ACKNOWLEDGMENT

We would like to thank Steve Scribellito for his helpful graphic suggestions and assistance.

(1.)Abbreviations used: lac for lactose utilization, str for streptomycin resistance, nal for nalidixic acid resistance, amp for ampicillin resistance; S = sensitive; R = resistant; + = utilizer (as in [lac.sup.+]) and - = nonutilizer

LITERATURE CITED

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ADAMO, J. A. 1996. MIT titration of bacteriophage. ASM Focus, Am. Soc. Micro. 3(1): 7-8.

ADAMO, J. A., AND M. A. GEALT. 1996a. A demonstration of bacterial conjugation within the alimentary canal of Rhabditis nematodes. FEMS, Micro. Eco. 20:15-22.

_____. and _____. 1996b. Vectors and Fomites. The Am. Bio. Teach. 58(8):484-489.

_____. and _____. 1995. Bacterial viability in a soil nematode - A necessary precursor to the study of internalized bacterial gene transfer. Abst. Ann. Meet. Am. Soc. Micro. Washington, DC: 333.

_____. and _____. 1994. Bacterial gene transfer in nematodes. Abst. Ann. Meet. Am. Soc. Micro. Las Vegas, NV: 344.

ADAMO, J. A., STADNICK, C. M. AND M. A. GEALT. 1993. A nematode model system for the study of gene transfer in soil organisms. Abst. Ann. Meet. Am. Soc. Micro. Atlanta, GA: 385.

BEAVER, P. C. AND JUNG, R. C. 1985. Animal Agents and Vectors of Human Disease. Lea and Febiger, Philadelphia, PA. 5th Ed. 281 pp.

CHANG, S. L., BERG, G., CLARKE, N. A. AND KABLER, P.W. 1960. Survival and protection against chlorination of human enteric pathogen in free-living nematodes isolated from water supplies. Am.]. Trap. Med. Hyg. 9:136-142.

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 Growth studies in microfuge, nutrient
 broth, tubes.
INCUBATION TUBE GROWTH
TEMPERATURE INOCULUM (OPEN-CLOSED) TURBIDITY [1] "PILL" [2]
Room None O - -
Room None C - -
37[degrees]C E. coli B O + +
37[degrees]C E. coli B C + +
37[degrees]C None O - -
37[degrees]C None C - -


(1.)Turbidity: + = growth; - = no growth.

(2.)"Pill": += pill; - = no pill (14,000 RPM for 5 min)
 Metabolic inhibition test (MIT)
 utilizing phenol red dextrose
 broth (PRDB).
 INOCULUM GROWTHS [1] PLATE COUNTS [2]
MEDIA (E. COLI STRAIN) (COLOR CHANGE) (CFU x [10.sup.7]/ML)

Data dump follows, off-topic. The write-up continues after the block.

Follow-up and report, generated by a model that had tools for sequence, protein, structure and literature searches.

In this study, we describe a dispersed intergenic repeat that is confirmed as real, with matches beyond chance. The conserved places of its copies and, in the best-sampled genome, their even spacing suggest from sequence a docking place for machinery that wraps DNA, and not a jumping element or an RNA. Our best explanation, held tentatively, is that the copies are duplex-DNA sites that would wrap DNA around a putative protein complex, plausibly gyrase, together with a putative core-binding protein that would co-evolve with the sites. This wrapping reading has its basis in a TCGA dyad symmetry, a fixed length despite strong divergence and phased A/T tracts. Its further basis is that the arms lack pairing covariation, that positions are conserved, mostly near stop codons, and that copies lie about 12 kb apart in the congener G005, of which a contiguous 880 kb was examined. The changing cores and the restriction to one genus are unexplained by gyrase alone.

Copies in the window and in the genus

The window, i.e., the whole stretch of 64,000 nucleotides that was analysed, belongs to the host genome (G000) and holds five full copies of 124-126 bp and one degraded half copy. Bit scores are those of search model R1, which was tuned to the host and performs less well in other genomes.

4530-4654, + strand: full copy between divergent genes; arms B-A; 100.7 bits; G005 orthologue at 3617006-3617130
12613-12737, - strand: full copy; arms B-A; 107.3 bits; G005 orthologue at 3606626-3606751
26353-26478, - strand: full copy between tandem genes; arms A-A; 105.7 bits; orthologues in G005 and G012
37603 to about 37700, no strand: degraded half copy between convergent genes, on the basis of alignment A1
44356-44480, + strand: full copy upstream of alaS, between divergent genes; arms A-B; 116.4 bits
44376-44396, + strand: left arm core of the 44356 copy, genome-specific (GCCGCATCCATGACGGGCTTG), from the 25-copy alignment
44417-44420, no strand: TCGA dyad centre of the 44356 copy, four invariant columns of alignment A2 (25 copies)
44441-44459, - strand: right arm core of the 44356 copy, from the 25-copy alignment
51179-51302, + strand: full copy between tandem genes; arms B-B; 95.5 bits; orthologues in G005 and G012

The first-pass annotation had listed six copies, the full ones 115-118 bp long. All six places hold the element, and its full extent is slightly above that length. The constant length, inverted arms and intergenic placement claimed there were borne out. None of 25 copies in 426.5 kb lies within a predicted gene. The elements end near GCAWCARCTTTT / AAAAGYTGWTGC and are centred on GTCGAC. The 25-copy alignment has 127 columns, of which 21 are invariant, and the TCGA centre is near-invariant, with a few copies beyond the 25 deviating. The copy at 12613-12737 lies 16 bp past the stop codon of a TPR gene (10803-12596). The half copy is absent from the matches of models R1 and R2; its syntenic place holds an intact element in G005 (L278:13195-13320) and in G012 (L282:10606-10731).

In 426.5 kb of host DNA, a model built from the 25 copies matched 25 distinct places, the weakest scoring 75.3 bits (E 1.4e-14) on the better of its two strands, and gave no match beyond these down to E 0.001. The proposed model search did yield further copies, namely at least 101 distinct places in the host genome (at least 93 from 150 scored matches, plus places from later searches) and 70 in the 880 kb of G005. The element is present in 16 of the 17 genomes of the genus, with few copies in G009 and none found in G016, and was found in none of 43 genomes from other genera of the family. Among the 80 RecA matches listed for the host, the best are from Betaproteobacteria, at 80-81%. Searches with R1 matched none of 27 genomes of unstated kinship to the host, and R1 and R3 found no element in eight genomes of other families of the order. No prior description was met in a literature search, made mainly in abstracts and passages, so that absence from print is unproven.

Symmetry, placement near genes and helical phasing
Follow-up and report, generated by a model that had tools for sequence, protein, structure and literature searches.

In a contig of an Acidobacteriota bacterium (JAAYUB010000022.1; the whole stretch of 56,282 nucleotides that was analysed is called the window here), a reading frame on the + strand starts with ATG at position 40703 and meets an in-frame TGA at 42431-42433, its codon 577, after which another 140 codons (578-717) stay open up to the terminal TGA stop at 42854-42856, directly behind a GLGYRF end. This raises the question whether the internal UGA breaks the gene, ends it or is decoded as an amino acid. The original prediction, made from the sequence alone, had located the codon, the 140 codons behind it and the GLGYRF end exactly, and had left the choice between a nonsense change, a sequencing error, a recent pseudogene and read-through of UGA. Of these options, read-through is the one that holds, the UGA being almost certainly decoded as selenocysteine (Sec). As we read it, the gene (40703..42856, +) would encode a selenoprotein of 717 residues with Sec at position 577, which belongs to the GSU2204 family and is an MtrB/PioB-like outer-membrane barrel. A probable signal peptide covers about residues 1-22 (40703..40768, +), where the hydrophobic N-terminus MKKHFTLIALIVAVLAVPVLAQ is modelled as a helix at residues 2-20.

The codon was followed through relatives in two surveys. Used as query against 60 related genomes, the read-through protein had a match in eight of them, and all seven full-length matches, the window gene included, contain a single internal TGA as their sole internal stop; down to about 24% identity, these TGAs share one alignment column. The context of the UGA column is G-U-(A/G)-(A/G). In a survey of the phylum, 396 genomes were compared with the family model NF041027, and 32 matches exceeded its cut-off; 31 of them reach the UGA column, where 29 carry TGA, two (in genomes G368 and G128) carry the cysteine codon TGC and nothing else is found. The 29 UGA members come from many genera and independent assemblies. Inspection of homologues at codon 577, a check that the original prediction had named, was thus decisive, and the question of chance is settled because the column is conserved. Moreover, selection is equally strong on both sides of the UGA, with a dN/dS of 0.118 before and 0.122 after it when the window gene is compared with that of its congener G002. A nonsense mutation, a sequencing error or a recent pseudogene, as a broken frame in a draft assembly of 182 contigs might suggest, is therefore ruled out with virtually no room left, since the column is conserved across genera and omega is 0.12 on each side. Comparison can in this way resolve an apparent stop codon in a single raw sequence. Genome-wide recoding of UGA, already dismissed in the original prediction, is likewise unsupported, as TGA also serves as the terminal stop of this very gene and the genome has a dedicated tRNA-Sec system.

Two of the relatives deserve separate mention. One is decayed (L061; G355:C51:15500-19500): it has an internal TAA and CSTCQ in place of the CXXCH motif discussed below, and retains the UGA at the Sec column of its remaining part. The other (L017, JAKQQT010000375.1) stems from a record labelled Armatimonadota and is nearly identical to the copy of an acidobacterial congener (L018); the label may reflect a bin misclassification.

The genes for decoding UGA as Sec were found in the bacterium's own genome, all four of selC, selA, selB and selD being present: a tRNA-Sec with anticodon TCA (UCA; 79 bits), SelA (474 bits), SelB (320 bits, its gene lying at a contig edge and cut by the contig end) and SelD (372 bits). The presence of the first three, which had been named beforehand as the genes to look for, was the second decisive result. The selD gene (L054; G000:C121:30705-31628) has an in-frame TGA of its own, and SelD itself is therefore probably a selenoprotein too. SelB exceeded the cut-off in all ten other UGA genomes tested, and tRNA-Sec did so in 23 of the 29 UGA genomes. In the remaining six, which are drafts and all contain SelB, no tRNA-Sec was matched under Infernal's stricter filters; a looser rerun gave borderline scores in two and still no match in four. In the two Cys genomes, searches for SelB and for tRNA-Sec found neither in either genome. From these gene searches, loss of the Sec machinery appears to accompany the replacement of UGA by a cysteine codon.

PRDB [chi]1997 + 3.8 a
PRDB MJ-100 + 2.6 a
PRDB + Str [3] [chi]1997 - 0.0004 b
PRDB + Str MJ-100 + 3.3 a
PRDB + Nal [4] [chi]1997 + 4.3 a
PRDB + Nal MJ-100 - 0.0002 b


(1.)Growth: + = growth, color change from red to yellow; - = no growth media remains red.

(2.)Means of 3 replicates each. Those means followed by the same letter are statistically the same, those by a different letter are significantly different. P=0.05.

(3.)Str = Streptomycin supplement at a dose of 25 [micro]g/mL.

(4.)Nal = Nalidixic Acid supplement at a dose of 20 [micro]g/mL.
 Detection of transconjugants utilizing
 the phenol red dextrose broth (PRDB)
 metabolic inhibition test (MIT).
 INOCULUM HARVEST TIME [1] GROWTH [2]
MEDIA (E. COLI STRAIN) (HOURS) (COLOR CHANGE)
PRDB+Str [3] [chi]1997 0 -
PRDB+Str MJ-100 0 +
PRDB+Nal [4] [chi]1997 0 +
PRDB+Nal MJ-100 0 -
PRDB+Amp [5] [chi]1997 0 -
PRDB+Amp MJ-100 0 +
PRDB+Nal+Str [chi]1997/ MJ-100 2 +
PRDB+Nal+Str [chi]1997/ MJ-100 4 +
PRDB+Nal+Str [chi]1997/ MJ-100 6 +


(1.)Harvest Time: Hours sample taken after mixing two strains; 0 = no mixing.

(2.)Growth: + = growth, color change from red to yellow; - = no growth media remains red.

(3.)Str = Streptomycin supplement at a dose of 25 [micro]g/mL.

(4.)Nal = Nalidixic Acid supplement at a dose of 20 [micro]g/mL.

(5.)Amp = Ampicillin supplement at a dose of 50 [micro]g/mL.
 Detection of transconjugants, of internal nematode
 vector origin, utilizing the phenol red dextrose
 broth (PRDB) metabolic inhibition test (MIT).
 INOCULUM
 E. COLI STRAIN HARVEST TIME [1] GROWTH [2]
MEDIA (1ST/2ND FEEDING) (HOURS) (COLOR CHANGE)
PRDB+Nal+Amp3 [chi]1997/MJ-100 1 -
PRDB+Nal+Amp [chi]1997/MJ-100 2 -
PRDB+Nal+Amp [chi]1997/MJ-100 4 +
PRDB+Nal+Amp [chi]1997/MJ-100 6 +


(1.)Harvest Time: Hours sample taken after second of the two sequential feedings.

(2.)Growth: + = growth, color change from red to yellow; - = no growth, media remains red.

(3.)Nal = Nalidixic Acid supplement at a dose of 20 [micro]g/mL; Amp = Ampicillin supplement at a dose of 50 [micro]g/mL.
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Author:ADAMO, JOSEPH A.; GEALT, MICHAEL A.
Publication:Bulletin of the New Jersey Academy of Science
Article Type:Statistical Data Included
Geographic Code:1USA
Date:Sep 22, 1999